Chapter 16 wrapped up when Abram was 86 years old, so we have a break in the action, so to speak. Ishmael grew up. Chapter 17 opens with Abram's age: 99.
When Abram was ninety-nine years old, the Lord appeared to Abram and said to him, “I am Almighty God; walk before Me and be blameless.
In chapter 15, we saw God first introduced as YHVH Adonai, which is a covenant name of God. Now in this chapter, we see a new name: The LORD appeared to Abram and called Himself El Shaddai, which is usually translated Almighty God. This is the first time El Shaddai appears in the Word.
Almighty probably isn't the best translation of that word. It is a variation on the Hebrew word shad, which means breast. God is the one who provides sustenance, comfort, and protection, just like a nursing mother provides for her child. Shaddai is used 48 times in the Hebrew scriptures. Each time it is used in Genesis, the context is childbearing and fruitfulness. In the other places, Shaddai is used in the context of our great Protector.
This can be seen in the ancient Hebrew letter shin, which looked like our letter W, but was written both smoothly and with sharp lines. It can represent sharp teeth and also breasts. In the meaning of the letter, we can see the meanings of both sustenance and protection.
When the Hebrew priests would bless the congregation, they would hold their hands like the letter shin. Are you a Trekkie? Leonard Nimoy, an orthodox Jew, had that in mind when he came up with this gesture:
|Live Long and Prosper: A paraphrase of the Aaronic Blessing|
The chapter continues with some mind-blowing promises, and the name change we have been waiting for!
Starting with verse 2...
And I will make My covenant between Me and you, and will multiply you exceedingly.” Then Abram fell on his face, and God talked with him, saying: “As for Me, behold, My covenant is with you, and you shall be a father of many nations. No longer shall your name be called Abram, but your name shall be Abraham; for I have made you a father of many nations. I will make you exceedingly fruitful; and I will make nations of you, and kings shall come from you. And I will establish My covenant between Me and you and your descendants after you in their generations, for an everlasting covenant, to be God to you and your descendants after you. Also I give to you and your descendants after you the land in which you are a stranger, all the land of Canaan, as an everlasting possession; and I will be their God.”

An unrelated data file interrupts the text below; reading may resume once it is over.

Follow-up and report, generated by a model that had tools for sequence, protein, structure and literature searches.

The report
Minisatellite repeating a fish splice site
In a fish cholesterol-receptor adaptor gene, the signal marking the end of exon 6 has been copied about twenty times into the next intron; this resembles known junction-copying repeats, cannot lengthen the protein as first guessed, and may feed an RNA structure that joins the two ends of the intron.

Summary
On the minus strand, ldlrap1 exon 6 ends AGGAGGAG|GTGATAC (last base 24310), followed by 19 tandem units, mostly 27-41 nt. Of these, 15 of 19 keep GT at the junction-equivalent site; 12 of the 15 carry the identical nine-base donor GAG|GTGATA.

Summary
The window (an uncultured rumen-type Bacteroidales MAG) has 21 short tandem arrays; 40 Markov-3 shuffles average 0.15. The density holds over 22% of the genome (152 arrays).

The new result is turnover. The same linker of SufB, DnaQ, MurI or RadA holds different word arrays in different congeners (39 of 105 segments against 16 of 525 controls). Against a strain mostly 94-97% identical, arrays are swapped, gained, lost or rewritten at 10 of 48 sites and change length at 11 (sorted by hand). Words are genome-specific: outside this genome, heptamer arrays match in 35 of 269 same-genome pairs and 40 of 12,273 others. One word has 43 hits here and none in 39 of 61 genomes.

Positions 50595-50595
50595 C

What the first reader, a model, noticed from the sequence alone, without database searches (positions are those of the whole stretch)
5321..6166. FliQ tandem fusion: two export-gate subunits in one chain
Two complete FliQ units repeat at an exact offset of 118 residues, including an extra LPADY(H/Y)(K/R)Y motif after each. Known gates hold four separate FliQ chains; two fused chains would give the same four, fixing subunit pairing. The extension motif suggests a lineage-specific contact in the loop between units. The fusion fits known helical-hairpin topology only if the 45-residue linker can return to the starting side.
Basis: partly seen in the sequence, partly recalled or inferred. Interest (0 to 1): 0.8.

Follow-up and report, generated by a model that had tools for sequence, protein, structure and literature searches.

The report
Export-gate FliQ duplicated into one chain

Did you see how this section wrapped up with the connection to the land? They are inseparable. The land of Canaan is promised as an everlasting possession to Abraham's descendants.
We need to note that even though he is a child of Abraham, the land was never promised to Ishmael. Further on in Genesis we will see that Abraham's covenant will pass to Isaac and then to Jacob. Ishmael received his own prophecy from YHVH, but no land was connected to it.
Also, we finally see the name change. Abram means exalted father. Now, Abraham means father of many nations. The only thing that took place in the Hebrew to change Abram's name was that the letter hey was added.
This letter carries the meaning of look, check it out, take notice! Is this where our exclamation hey! comes from? The letter also appears twice in the name of God, YHVH. In fact, all forms of the name of God have this letter hey in it.
Hey! The LORD wants us to pay attention to what He is doing in the life of Abraham.
|Hey! (Doesn't that earliest form look like someone trying to get our attention?)|
What follows next is the sign of the covenant, which is this: Every male child shall be circumcised on the eighth day of his life, plus every male who lived in Abraham's household, including all his servants and also his son Ishmael.
God was about to do something supernatural, so He endeavored to cut away part of the natural. The natural part of man that makes babies had to be cut away. Ouch! The New Covenant speaks of the circumcision of our hearts, when the natural is cut away and we become saved supernaturally. New children of God, born again, being shaped into His image. We see a separation here, of the cutting of the flesh. God gives us the picture of the physical, and then the figurative.
|I can only imagine the popularity of Abraham's announcement|
And Abraham said to God, “Oh, that Ishmael might live before You!”
It sounds like Abraham was asking that the covenant go through Ishmael, but that was not what he’s asking. When you read it in the Hebrew, Abraham was asking if Ishmael might live in God's presence.
Chapter 17 ends with all the menfolk (and boyfolk) recovering from their painful surgery. The next post features heavenly visitors! Click here to read it.